The Origins of the Atlantic Trade

In the early seventeenth century, Scotland’s economy was still very much like that of a modern-day third-world country: it was largely rural, dependent on the export of foodstuffs, animal produce and primitive manufactures and the import of luxury goods. However by 1750, it was well on its way to becoming one of the most powerful industrial economies in the world. 

Much of the capital that primed Scotland’s startling transformation came from across the Atlantic, from the plantations of North America and the Caribbean. Manufacturing towns such as Glasgow expanded rapidly; the profits from the plantations and associated trade supported a complex urban economy and stimulated an agricultural revolution that underpinned Scotland’s growth. Domestic expansion was supported by the entrepreneurial skills of merchants, helping to establish what has recently been termed ‘the Scottish Empire’1. Scotland was built on shrewd investment, venture capital – and the blood and sweat of slaves. 

Initially, the Atlantic trade from Scotland developed in spite of its larger neighbour. After Scotland and England were joined by the Union of the Crowns in 1603, a series of Navigation Acts were introduced to protect the trading interests of the rapidly expanding English Empire. These acts effectively classified Scotland’s commerce as that of a ‘foreign nation’. 

Scots merchants, however, had already established effective trading links with the English colonies and continued to trade covertly, especially in Virgina, New Jersey and the Carolinas. A customs agent for Scotland estimated that at least twenty-four Scottish ships were operating illegally in the 1680s.Vessels from Glasgow transported criminals, indentured servants and political exiles to the New World. A good deal of this traffic was organised by the Scottish Privy Council, turning a blind eye to Westminster legislation.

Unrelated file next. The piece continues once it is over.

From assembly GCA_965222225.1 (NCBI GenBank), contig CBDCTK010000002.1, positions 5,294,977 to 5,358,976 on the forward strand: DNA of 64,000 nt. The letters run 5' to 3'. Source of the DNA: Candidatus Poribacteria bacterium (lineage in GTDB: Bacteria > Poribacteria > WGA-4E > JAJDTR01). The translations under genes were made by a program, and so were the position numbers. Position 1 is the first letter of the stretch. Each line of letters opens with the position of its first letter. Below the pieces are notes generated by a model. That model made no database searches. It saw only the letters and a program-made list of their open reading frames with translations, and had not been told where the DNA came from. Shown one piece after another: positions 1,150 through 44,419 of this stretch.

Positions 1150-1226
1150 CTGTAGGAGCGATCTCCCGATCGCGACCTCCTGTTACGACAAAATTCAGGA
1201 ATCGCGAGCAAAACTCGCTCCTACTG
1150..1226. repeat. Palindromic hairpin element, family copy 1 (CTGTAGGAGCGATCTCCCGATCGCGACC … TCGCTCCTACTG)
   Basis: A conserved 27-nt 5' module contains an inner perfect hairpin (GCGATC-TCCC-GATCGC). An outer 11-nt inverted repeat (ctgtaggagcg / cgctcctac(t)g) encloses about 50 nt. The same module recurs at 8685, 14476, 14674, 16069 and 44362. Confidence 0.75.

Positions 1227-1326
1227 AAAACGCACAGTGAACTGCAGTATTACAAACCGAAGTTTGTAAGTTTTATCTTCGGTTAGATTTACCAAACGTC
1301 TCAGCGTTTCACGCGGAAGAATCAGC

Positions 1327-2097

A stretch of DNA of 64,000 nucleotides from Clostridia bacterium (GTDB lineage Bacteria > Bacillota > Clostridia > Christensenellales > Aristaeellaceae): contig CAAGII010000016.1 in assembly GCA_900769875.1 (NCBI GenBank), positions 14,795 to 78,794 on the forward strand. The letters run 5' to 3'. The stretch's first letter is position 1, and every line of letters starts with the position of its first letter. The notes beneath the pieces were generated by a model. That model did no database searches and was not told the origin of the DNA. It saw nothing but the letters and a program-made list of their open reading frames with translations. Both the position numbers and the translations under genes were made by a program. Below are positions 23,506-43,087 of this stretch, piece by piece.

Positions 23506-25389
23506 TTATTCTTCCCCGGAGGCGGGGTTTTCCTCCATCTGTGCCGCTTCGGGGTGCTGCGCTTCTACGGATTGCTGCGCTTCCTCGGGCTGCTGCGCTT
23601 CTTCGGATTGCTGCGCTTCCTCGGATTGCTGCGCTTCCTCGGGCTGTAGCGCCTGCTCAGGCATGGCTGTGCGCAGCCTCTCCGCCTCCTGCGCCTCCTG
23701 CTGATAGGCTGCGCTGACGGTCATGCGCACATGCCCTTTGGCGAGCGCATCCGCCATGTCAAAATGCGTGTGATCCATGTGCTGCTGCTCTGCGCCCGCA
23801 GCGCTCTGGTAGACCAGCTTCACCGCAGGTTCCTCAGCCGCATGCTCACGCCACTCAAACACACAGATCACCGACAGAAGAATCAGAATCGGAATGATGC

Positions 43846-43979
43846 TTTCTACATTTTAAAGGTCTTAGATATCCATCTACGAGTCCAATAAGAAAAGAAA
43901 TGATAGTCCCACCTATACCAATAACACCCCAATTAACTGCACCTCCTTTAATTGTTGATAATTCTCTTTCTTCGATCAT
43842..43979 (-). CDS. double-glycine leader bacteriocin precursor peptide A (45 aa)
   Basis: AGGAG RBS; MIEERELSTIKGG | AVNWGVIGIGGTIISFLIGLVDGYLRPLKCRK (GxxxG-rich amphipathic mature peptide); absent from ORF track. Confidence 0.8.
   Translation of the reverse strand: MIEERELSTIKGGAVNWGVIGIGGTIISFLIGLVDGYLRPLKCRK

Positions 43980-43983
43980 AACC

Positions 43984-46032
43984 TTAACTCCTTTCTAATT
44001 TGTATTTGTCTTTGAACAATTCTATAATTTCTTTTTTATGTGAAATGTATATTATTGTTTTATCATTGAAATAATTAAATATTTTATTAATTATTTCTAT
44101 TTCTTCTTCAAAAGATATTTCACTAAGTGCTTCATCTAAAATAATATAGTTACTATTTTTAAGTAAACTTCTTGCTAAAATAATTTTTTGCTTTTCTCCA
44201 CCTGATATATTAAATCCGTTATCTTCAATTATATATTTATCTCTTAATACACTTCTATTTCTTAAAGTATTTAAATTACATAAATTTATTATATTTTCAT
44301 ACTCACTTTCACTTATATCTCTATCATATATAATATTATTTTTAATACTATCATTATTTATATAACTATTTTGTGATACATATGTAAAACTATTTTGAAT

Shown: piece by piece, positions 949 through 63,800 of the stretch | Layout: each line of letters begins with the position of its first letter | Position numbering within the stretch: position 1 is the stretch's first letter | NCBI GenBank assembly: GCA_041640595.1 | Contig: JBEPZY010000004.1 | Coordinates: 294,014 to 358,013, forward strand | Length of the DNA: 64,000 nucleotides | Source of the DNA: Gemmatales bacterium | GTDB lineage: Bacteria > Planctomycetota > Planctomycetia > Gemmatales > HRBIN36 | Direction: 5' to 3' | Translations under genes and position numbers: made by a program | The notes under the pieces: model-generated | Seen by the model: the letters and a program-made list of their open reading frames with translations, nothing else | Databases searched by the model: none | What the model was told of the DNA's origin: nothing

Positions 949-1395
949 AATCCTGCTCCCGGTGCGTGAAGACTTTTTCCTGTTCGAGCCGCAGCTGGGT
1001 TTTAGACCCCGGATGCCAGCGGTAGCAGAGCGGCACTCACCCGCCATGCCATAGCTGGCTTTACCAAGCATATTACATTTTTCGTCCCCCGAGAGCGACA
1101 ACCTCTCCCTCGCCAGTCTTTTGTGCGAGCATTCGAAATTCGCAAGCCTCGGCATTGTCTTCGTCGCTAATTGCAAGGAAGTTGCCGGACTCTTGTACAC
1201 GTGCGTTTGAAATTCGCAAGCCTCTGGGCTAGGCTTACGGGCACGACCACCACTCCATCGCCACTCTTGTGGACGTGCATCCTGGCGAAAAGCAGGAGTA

In the 1670s and 1680s, a time of religious and political strife in Scotland, there was a steady supply of forced emigrants, many of them Covenanters transported to Virginia and Maryland. A contract to carry out these transportations was actually awarded to Glasgow merchants in 1685. It remained in place until the middle of the next decade, when the increasing use of black slave labour made the venture unprofitable. Some of the origins of the tobacco and sugar trades that made Glasgow great can be identified in the Restoration period when the mainstay of Scotland’s exports were enemies of the state and criminals. 

Glasgow was ideally situated to take advantage of the rapidly expanding transatlantic trade and rapidly developed from a modest market town with a large hinterland to a burgeoning centre of international commerce. Direct trade, recorded as early as 1656, in addition to existing links with Ulster and Europe, transformed the economy. 

A Glasgow shopkeeper of the 1790s, unknown artist.

By 1671, according to burgh tax rolls, Glasgow was Scotland’s second largest burgh behind only Edinburgh. This was due in no small part to colonial trade. One explanation for the change is psychological: ‘a spirit of commerce appears to have been raised among the inhabitants of Glasgow’2. Whatever the truth of this, a clear indication of the shift in commercial focus towards the New World was the construction of four sugar processing houses between 1667 and 1700, making sugar boiling one the mainstays of Glasgow’s new and fast-growing economy. They were the first buildings in Glasgow devoted to colonial trade.

All four sugar refineries were financially supported by merchant families who already had a foothold in the trade from Barbados and Jamaica. The Wester House was built for the merchant Peter Gemmill in 1667 followed by the Easter House, later called the ‘Old Sugar House’, in 1669. By 1680, both factories were distilling rum from molasses, a by-product of sugar refining. 

The Easter House, a five-storey, crow-stepped gabled building at 139 Gallowgate was later owned by Robert McNair (1703-79) and his wife, Jean Holmes (b.1703), prominent eighteenth-century Glasgow shopkeepers. Amongst their wares were expensive sugar products such as candies, syrup and treacle. The sugar trade produced some of the first industrial fortunes in Glasgow. 

The Old (or Easter) Sugar House in Sugar House Close at 138 Gallowgate, watercolour c 1846 by William Simpson (1823-1899).

Increasing demand for foreign luxury items promoted the development of Glasgow as a centre of maritime commerce. The city’s merchants had previously made use of ports in the Firth of Clyde at Irvine, Dumbarton and especially Ayr, as the Clyde was too shallow for large vessels. Goods from the plantations were transported up the river in small gabbart boats. The underdevelopment of the Clyde hindered progress:

“The situation of this towne in a plentifull land, and the mercantile genius of the people, are strong signs of her increase and groweth, were she not checqued and kept under by the shallowness of her River, every day more and more increasing and filling up”3.

This situation was rectified in two ways. A harbour at the Broomielaw was built in order to land goods beside nearby warehouses. But a more ambitious project was the construction of a port further down the Clyde.